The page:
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Key findings Magistrates’ survey

Key findings Magistrates’ survey

Key findings Magistrates’ survey

In our survey of South Africa’s Magistrates’ perceptions of their working environment which was conducted through an online survey between the 20 September to 18 October 2019 we were presented with the following data…

Survey’s key findings

The Magistrates we surveyed were demographically broadly reflective of the total number of magistrates in South Africa and broadly reflective in terms of rank, even though some of the more senior positions (e.g. regional magistrate) are over-represented.

In the survey we examine in some detail the workload of magistrates in terms of civil and criminal work. We find that the magistrates doing civil work perceive their workload to be particularly high, and we suggest reasons for that finding.

Work pressure, insufficient renumeration and lack of support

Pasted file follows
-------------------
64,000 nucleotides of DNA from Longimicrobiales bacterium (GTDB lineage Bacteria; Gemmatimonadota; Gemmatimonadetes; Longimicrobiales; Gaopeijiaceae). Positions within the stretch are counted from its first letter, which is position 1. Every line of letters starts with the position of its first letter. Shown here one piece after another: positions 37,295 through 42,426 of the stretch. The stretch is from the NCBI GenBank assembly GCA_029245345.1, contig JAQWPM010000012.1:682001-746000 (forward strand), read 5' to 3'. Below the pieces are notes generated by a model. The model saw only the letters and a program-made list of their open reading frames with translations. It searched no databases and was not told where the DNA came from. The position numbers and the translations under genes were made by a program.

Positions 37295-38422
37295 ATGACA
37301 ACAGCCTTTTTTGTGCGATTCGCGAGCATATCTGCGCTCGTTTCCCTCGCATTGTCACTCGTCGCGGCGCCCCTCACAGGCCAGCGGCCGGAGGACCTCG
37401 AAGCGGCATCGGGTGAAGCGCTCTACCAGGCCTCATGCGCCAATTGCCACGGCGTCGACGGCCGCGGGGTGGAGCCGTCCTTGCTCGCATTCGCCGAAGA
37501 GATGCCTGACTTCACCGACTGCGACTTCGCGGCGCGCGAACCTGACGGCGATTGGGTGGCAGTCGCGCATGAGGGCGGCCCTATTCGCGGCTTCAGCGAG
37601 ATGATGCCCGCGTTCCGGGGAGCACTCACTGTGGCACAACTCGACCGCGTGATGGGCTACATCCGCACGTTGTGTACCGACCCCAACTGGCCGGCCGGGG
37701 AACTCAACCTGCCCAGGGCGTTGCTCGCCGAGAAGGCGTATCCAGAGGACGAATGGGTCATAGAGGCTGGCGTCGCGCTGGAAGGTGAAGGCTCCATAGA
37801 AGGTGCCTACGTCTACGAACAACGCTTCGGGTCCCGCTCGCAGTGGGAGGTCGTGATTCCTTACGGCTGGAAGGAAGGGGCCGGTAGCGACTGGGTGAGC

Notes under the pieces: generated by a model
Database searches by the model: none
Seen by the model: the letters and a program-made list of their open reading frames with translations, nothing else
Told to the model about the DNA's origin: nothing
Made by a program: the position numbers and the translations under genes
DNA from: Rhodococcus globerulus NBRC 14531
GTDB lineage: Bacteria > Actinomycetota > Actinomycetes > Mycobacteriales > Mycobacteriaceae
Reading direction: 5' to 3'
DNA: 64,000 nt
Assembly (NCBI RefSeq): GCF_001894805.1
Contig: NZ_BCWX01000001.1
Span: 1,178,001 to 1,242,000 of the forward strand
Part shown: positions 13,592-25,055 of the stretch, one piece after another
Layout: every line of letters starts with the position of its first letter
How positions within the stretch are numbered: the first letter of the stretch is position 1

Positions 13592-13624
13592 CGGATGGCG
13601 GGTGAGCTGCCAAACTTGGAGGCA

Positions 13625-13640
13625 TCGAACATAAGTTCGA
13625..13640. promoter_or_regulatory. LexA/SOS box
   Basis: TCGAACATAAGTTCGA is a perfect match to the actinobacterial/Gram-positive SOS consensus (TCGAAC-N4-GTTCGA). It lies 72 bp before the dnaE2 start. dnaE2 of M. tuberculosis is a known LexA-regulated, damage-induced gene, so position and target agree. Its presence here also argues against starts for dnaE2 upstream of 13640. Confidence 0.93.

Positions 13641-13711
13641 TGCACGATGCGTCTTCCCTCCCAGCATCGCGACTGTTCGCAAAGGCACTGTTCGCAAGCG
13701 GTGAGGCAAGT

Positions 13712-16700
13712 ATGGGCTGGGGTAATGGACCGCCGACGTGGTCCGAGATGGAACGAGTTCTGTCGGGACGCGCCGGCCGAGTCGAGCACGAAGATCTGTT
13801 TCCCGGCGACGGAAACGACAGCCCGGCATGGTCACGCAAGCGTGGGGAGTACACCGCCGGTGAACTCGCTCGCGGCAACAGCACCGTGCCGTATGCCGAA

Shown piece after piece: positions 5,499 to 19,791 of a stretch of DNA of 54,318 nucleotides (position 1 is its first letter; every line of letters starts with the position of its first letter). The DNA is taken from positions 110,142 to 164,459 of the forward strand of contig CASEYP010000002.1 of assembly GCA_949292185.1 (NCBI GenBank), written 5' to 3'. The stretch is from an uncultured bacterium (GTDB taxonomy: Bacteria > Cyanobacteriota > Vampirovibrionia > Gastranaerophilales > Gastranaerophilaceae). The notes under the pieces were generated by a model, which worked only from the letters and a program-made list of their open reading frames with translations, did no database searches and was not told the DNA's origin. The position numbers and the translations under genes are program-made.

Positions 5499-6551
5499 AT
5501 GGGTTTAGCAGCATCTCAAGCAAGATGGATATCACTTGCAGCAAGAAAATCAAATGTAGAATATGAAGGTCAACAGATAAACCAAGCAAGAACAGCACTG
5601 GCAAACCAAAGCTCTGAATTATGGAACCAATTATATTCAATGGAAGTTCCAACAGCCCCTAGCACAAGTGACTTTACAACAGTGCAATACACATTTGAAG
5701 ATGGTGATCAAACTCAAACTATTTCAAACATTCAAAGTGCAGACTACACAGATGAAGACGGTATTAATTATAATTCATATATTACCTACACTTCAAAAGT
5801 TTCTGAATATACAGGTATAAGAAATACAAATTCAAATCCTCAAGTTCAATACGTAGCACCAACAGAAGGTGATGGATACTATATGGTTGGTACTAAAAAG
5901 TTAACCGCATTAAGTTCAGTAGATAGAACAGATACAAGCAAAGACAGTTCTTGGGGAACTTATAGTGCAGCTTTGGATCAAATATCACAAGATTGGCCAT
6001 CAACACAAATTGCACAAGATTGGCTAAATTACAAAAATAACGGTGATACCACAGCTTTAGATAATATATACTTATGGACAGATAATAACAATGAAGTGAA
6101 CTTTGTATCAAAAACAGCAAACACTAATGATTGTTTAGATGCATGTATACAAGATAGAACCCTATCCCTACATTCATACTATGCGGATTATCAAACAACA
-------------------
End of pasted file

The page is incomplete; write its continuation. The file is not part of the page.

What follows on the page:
We identify the kind of support that magistrates value, and measure the extent to which they receive such support. We find that they feel largely unsupported, and assess what kinds of support they feel would be most valuable. We also investigated the magistrates’ view that the physical infrastructure of the court building, their offices, as well as their safety and security are inadequate. Given the significant amount of perceived work pressure as well as inadequate support and issues around security, it is unsurprising that the majority of respondents experienced a great deal or a lot of stress, which takes a toll. Insufficient remuneration is a key concern for many magistrates.

Corruption in the magistracy

The issue of corruption also came under scrutiny, and we asked magistrates to evaluate corruption among different stakeholders in the justice system. We found that they perceive there to be high levels of corruption in the police, but also levels of corruption in the magistracy itself.

We identify six key areas where we recommend policy reform and further research, in the areas of workload and qualifications, stress, safety and security, infrastructure, remuneration, and corruption.

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